The setup for the mystery was good but I felt like everything after that was telegraphed. When there are only three prominent characters besides the sleuth and his family, it's pretty obvious that one or more of them is involved in the shady business. I felt like I spent a lot of time waiting for Joe Pickett to catch up.
As much as I've complained, I did enjoy the book and the ending was cathartic enough to be worth it. Box resisted the temptation to make Pickett rush in with guns blazing like an action hero and kept things true to character.
While it wasn't the best mystery I read this year, Open Season was an engaging enough read and I'm open to reading the further adventures of Joe Pickett. Three out of five stars.
It’s actually been two weeks or so since I’ve finished this – so this review may be a bit sparse on details.
Not that a lot of exposition is required to review Open Season. Simply put: I enjoyed it.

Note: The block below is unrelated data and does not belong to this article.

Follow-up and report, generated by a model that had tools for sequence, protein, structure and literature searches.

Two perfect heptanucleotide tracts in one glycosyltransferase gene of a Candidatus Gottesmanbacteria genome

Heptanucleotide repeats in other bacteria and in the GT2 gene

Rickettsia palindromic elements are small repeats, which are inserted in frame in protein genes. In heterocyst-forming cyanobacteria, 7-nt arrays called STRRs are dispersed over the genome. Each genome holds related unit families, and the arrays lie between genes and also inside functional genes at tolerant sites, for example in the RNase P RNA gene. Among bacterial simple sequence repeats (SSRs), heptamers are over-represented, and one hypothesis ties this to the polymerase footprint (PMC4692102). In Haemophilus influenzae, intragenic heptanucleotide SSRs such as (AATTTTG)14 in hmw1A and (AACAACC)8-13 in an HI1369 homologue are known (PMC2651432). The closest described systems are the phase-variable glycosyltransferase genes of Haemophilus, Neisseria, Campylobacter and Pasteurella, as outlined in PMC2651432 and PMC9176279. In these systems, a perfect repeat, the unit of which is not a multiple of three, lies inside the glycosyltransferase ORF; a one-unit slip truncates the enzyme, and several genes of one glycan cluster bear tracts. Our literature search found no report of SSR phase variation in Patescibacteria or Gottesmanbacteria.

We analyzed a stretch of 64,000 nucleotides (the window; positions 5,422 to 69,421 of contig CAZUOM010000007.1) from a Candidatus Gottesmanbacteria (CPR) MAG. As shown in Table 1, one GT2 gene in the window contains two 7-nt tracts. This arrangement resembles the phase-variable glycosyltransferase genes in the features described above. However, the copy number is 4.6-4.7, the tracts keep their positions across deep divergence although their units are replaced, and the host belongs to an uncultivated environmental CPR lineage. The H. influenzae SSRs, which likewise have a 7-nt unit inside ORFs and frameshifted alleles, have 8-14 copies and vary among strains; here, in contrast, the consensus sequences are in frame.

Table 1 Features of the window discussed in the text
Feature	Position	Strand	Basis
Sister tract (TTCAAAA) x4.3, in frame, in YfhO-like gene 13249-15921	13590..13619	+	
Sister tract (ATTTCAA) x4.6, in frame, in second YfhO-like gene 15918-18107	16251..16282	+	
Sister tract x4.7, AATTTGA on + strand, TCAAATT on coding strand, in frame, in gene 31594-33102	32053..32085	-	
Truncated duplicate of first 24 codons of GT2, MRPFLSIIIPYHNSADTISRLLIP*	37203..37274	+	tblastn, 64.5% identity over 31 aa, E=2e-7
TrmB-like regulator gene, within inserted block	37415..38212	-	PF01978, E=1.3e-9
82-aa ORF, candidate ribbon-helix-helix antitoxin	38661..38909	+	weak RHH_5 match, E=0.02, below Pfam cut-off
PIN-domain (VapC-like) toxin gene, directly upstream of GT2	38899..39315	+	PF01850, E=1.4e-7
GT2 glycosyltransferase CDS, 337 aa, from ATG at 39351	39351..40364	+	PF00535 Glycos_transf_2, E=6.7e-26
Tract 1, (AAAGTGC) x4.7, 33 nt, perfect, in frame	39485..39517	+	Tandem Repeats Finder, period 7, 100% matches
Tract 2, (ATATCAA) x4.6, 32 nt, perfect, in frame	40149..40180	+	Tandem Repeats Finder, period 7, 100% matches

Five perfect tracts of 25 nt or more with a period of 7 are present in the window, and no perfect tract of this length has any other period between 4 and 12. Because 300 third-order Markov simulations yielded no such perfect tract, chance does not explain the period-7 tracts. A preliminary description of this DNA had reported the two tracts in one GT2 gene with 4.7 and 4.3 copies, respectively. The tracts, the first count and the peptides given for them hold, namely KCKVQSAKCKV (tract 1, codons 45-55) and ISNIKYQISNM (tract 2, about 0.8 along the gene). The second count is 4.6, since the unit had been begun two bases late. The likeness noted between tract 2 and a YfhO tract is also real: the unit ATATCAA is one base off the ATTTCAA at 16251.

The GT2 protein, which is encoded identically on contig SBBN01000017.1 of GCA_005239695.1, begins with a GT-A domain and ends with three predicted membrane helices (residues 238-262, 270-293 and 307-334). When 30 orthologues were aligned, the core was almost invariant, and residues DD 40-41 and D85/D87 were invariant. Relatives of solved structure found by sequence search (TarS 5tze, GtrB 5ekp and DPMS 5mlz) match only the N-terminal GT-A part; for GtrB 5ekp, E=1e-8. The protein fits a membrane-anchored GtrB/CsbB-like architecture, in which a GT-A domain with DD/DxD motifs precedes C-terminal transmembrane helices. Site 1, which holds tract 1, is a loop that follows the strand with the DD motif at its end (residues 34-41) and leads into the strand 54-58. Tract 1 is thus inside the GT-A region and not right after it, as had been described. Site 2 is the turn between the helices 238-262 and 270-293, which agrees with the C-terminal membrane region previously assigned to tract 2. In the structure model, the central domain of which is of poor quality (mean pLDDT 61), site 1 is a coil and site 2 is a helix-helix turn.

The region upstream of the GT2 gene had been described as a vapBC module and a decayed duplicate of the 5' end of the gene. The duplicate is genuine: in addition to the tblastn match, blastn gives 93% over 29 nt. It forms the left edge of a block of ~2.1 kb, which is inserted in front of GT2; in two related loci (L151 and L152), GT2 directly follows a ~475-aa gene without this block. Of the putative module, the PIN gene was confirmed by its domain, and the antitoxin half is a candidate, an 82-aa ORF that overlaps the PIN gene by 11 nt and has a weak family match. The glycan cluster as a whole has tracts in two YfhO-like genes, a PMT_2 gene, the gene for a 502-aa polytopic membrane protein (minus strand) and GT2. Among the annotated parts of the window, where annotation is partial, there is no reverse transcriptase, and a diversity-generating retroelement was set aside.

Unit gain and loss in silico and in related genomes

While the structure of the story isn’t particularly novel as far as mystery stories or police procedurals are concerned, the environmental aspect certainly is. See, Joe Pickett isn’t a cop or a P.I., he’s a game ranger. However, he apparently isn’t exempt from dealing with murderers and/or crooks on the odd occasion.
This is the first novel in a series, so the character isn’t completely established yet and there are one or two (very) minor pacing issues. However, once things get going they really get going. There are the requisite few twists and surprises, but what really clinched it for me was the white knuckle sequence toward the close of the story and the totally bad-ass ending. Damn, but things get a bit tense there.
This is the first C.J. Box book I have read and I am not disappointed at all! I found it so interesting and actually read it in one sitting. I have been wanting to read the Joe Picket series for awhile now and am so glad I finally did. This game warden is one intriguing character. I will continue the series after finishing the Alex Cross series.
My quick and simple overall: an awesome start to a series. 👍👍
What an exciting start to one of my favorite series. The setting is wonderful, a fictitious town in Wyoming .... aaah the great outdoor. After reading a few recent installments, I had no idea that Joe Pickett had such a rough start as a rookie game warden. He's not your typical crime novel hero, a bit slow in some areas, trusting, a straight arrow type of guy, but how many times can a guy loses his gun? Many likable and convincing supporting cast of characters.